2003 History Conference - Air War Europe

The Men of Bomber Command
Don Charlwood

Who were the men of Bomber Command, the youngsters who flew at an average age of 22 or 23 and suffered such casualties? Largely they were products of the Great Depression of the 1930s. They were a generation much more cynical about war propaganda than their fathers had been, much less inclined to “flock to the colours”. But they did flock to the Air Force because there you could be paid to learn to fly. So it was throughout the British Commonwealth. The heroes of their boyhoods had been Kingsford Smith, Jimmy Mollison, and Bert Hinkler. If they had to go to war, then let it be as fighter pilots rather than “going over the top” in bayonet charges through mud and barbed wire.

As it eventuated, most of these volunteers were not destined to become fighter pilots at all. They might become Bomber Command pilots, or Coastal Command pilots, but it was much more likely that they would become other members of bomber crews – navigators, wireless operators, and air gunners – for Bomber Command was where the losses were. But for most of them the opportunity to learn to fly was the initial attraction. It might even be said that they were young men of greater sensibility than most, and that they saw war in the air as being “cleaner” than war on land or at sea. In retrospect then, it is ironic that those who went to Bomber Command had no choice but to bomb combatants and civilians alike.

In 1940, 60,000 men applied for the first 4,000 training places in Australia. Interview panels were set up all over the country – inexperienced panels by today’s standards. How could they hope to assess the potential of so many? Only a small minority of applicants had a tertiary education: most had not gone beyond fourth form at secondary school. The school-leaving age was still only 14. The interview panels lacked tests for intelligence and aptitude. They could only try to determine how well each applicant might have done in life had he been given opportunity for higher education. Thus, it became important for interviewers to determine motivation: how keen was each applicant?

Fortunately, the Air Force did not have to depend on these initial panels: they were only a rough starting point. The men they selected had many further hurdles before them. Next they would have to pass the stringent aircrew medical examination. Droves of them failed. The remainder were placed on the Air Force Reserves and had to undertake the “Twenty-one Lessons”, a course of training in mathematics, basic physics, and navigation. For a minority that had recently left, say, fifth form of secondary school, this presented no great difficulty. It was much harder for those whose school days were well behind them. Additionally, reservists had to learn the mind-numbing Morse code. Some reservists found these requirements either too demanding or too time-consuming and switched to other services.

For clarity, I can only go now to my own sequence of training. I was 11 months on the Reserves and was not called up until May 1941 for the six-week Initial Training Course. On this course more were weeded out. At the end of the course, we each faced a Category Selection Committee. For my part, I hoped to be a navigator. But many of those confident of becoming pilots faced bitter disappointment. This was indeed a test of one’s “keenness”. These men had been keen to be pilots; could they now transfer their keenness to other aircrew categories?

The next phase of training most likely took place in Australia or Canada. I was posted to Edmonton, Alberta. On our course of 25 there were at least seven “scrubbed pilots”: men who has failed at some stage of pilot training short of gaining their wings. This was an even greater test of one’s “keenness” to remain in aircrew. But we were plunged so soon into classroom work and demanding air exercises that the scrubbed pilots’ disappointment tended to diminish.

The Empire Air Training Scheme was remarkably well co-ordinated and standardised; Canadian training followed on smoothly after Australia training and eventually RAF training built well on both. During training the selection process continued: two of our men failed and were returned home, and two were put back a course.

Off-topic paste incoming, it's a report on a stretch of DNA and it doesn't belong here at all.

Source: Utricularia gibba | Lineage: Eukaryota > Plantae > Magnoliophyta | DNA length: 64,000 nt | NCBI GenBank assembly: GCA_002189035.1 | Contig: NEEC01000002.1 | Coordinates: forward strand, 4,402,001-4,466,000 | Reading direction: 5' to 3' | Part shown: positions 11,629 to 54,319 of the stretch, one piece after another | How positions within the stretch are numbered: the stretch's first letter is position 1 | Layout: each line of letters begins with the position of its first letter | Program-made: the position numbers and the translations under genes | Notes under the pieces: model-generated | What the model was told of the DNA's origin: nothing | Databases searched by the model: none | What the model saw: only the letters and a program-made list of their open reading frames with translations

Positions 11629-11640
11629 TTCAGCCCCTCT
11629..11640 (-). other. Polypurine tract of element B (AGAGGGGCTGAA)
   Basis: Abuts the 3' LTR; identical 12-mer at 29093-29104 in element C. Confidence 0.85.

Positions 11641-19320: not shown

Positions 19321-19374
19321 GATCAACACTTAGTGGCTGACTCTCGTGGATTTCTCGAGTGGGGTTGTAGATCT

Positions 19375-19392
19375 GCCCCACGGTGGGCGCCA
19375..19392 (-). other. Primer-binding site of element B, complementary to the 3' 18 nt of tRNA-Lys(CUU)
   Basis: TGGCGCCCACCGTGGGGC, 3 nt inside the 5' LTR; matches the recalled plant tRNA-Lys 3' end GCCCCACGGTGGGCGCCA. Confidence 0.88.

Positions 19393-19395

Just two months into training in Canada, Pearl Harbor was bombed. There was at once consternation among Australians training in Canada: should we be going on to England, or should we be going home? Two months later, Singapore fell and Darwin was bombed. In Australia, Britain’s stocks fell as rapidly as Singapore. This was to have repercussions for all Australians involved in the air war against Germany, not just for the rest of the war, but for ever after. We were seen as being “over there” when we were needed “here”. Indeed, I remember the late Sir James Rowland, former Pathfinder pilot, opening an address in 1990 with the words, “When I arrived home in Australia in 1945, I found I had been to the wrong war!”

We were concentrating on our last weeks of our training in Canada when the Australian Government took the step of sending officers from the High Commission in Ottawa to speak to trainees. Go on to England, we were told. Gain operational experience there and you will be of more use to Australia. Neither the speakers nor we ourselves could know how relatively few of us would return, or know that the RAAF in Australia would have small regard for Bomber Command experience anyway.

So to England we went. We were stationed for some weeks in Bournemouth. There we tended to feel exaggeratedly Australian as we marched about the beautiful town with trainees of the RAF, the RCAF, and the RNZAF. We were not going to be browbeaten by bloody Poms! A couple of times we were given leave and gravitated to London. I believe it was there that I had an awakening I am sure it was shared by many others. It was not so much seeing the devastation around us and the Londoners going about their daily work, or even seeing the bombed-out East Enders sleeping in bunks on the platforms of the underground. It was more the unanticipated sight of the different nationalities among servicemen in the streets. There were Poles, Norwegians, Free French, Czechs, and Belgians. These men, we realized, had made perilous escapes and had left behind members of their families, possible hostages to Nazism. There were men, too, of British regiments that had escaped from Dunkirk, numerous men of the Canadian army, and also the first of the Americans. Uniformed young women were in numbers such as we had never seen. There was a remarkable spirit of bonding between all these troops, a feeling in the air that these people would prevail. And it was a humbling experience for us to be thanked by civilians for what we had done before we had done anything at all. Our nationalism began to seem pretty small. The challenge we faced was how to fit into this international team? Something else was very evident: Bomber Command was one of the primary forces sustaining both troops and civilians, for it was the only force able to hit back against a victorious enemy entrenched a few miles away.